"This one was the worst one," Cox pointed out, "(it) tore his ears up pretty good. I'm lucky that's all it did."
Days later, Cox says the animal came back for more. His daughter's goat was mauled.

"It tore its ear off completely," Cox explained.

His neighbor's goats were not so lucky.

"They was pretty bad off," he said. "It just literally tore the faces off of them."

Those goats had to be put down. Altogether, six goats and four calves have been attacked -- and soon, there will be an extremely vulnerable target on his farm.

"This heifer right here, she's about to have a baby next month," said Cox.

So Cox has set out to try and trap the animal -- or at least catch it on camera.


Whatever it is, it is vicious.


But what is it? Kentucky Fish and Wildlife experts say it's likely not a wolf, big cat, or some sort of "mythical" creature.


and here I was hoping for more of the chupacabra angle, hey I am not on ATS for the comradery



"That's indicative to a canine dog, a coyote is more of an oblong round," said Sgt. Doug Detherege, examining one of the tracks left by the animal. "If it was a big cat, it wouldn't show any toenail marks at all."

And they think the dog is domestic, and likely has been contained by its owner, since the last attack was over a week ago.

"A wild animal is out to either feed, or defend itself," said Detherege.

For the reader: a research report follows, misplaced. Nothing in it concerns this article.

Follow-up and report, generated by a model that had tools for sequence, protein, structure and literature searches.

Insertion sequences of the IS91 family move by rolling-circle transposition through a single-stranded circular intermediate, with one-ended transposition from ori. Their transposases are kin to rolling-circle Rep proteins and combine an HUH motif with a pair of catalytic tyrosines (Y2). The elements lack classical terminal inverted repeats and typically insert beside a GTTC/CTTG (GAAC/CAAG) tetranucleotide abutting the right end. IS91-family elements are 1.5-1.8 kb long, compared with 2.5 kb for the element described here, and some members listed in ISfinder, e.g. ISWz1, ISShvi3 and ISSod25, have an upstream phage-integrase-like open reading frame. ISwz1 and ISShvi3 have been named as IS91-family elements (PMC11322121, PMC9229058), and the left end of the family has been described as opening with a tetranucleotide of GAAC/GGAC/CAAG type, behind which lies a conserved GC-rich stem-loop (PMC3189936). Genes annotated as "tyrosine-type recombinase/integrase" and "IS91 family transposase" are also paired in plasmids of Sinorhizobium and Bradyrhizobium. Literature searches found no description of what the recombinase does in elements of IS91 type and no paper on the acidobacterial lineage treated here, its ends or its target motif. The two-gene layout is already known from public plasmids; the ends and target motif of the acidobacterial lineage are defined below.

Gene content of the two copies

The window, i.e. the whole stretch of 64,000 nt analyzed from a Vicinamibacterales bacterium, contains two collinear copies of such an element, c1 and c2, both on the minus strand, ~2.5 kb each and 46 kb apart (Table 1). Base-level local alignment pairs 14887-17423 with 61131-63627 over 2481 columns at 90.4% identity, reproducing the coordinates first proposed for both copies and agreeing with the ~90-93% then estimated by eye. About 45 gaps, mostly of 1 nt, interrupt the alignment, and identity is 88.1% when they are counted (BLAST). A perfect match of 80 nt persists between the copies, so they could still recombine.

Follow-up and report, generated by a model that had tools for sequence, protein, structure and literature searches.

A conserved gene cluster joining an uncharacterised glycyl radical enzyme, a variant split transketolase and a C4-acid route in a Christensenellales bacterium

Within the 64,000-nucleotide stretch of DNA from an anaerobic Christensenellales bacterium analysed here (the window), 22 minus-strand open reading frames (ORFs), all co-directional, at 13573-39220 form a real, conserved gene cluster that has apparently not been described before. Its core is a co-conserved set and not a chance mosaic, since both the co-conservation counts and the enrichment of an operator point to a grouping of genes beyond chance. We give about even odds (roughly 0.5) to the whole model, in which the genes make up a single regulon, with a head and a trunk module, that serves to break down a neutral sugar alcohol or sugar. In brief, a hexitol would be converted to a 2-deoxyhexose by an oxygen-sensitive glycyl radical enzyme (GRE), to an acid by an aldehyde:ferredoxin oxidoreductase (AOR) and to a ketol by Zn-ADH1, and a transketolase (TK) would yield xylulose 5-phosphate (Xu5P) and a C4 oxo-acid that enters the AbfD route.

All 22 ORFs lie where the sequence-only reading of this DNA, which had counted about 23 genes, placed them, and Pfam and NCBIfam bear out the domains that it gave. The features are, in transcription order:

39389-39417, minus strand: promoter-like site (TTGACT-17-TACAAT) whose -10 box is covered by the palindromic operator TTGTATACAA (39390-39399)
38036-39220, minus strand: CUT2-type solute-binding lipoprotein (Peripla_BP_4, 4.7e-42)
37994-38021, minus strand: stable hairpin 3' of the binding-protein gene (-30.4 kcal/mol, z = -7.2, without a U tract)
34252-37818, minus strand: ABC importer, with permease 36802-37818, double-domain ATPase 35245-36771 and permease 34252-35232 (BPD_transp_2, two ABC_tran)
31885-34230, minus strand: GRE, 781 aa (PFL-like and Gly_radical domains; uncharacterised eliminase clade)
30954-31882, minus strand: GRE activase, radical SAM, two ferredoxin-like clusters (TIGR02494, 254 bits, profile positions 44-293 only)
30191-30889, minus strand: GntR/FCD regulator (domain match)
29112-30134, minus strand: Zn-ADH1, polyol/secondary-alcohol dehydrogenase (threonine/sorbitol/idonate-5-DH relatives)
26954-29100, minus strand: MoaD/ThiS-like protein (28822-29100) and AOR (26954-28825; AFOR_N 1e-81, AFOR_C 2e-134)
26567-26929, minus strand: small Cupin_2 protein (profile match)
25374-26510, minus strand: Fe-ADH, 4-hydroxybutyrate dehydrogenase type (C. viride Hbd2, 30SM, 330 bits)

Source

They seem to be leaning towards a domesticated dog, seems logical I suppose considering there have been no attacks in over a week now and the animals are being mauled and not eaten. Maybe, someone noticed how bloody their dog was and heard of the attacks and chained the animal up or put it down to avoid being liable for damages.

That or whatever it was has moved out of the area ...



posted on Dec, 14 2012 @ 05:21 AM
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Originally posted by Starcrossd
That looks more like a canid track to me.. any wolf sightings in the area?



Not that I have read, I do not live in that area so I honestly do not know. The story did make local news here in Louisville though WDRB.



posted on Dec, 14 2012 @ 08:18 AM
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Cougar


Jauguar


Yes, these are Jaguar paw prints. (minus the actual Jaguar thankgoodness!) We were hiking at Mayflower state park in Belize earlier this month when we spotted these prints. We actually saw quite a few paw prints during the hike. I guess it only makes sense that the Jaguar would choose to walk on a trail just like humans do. And get a load of the huge claw marks.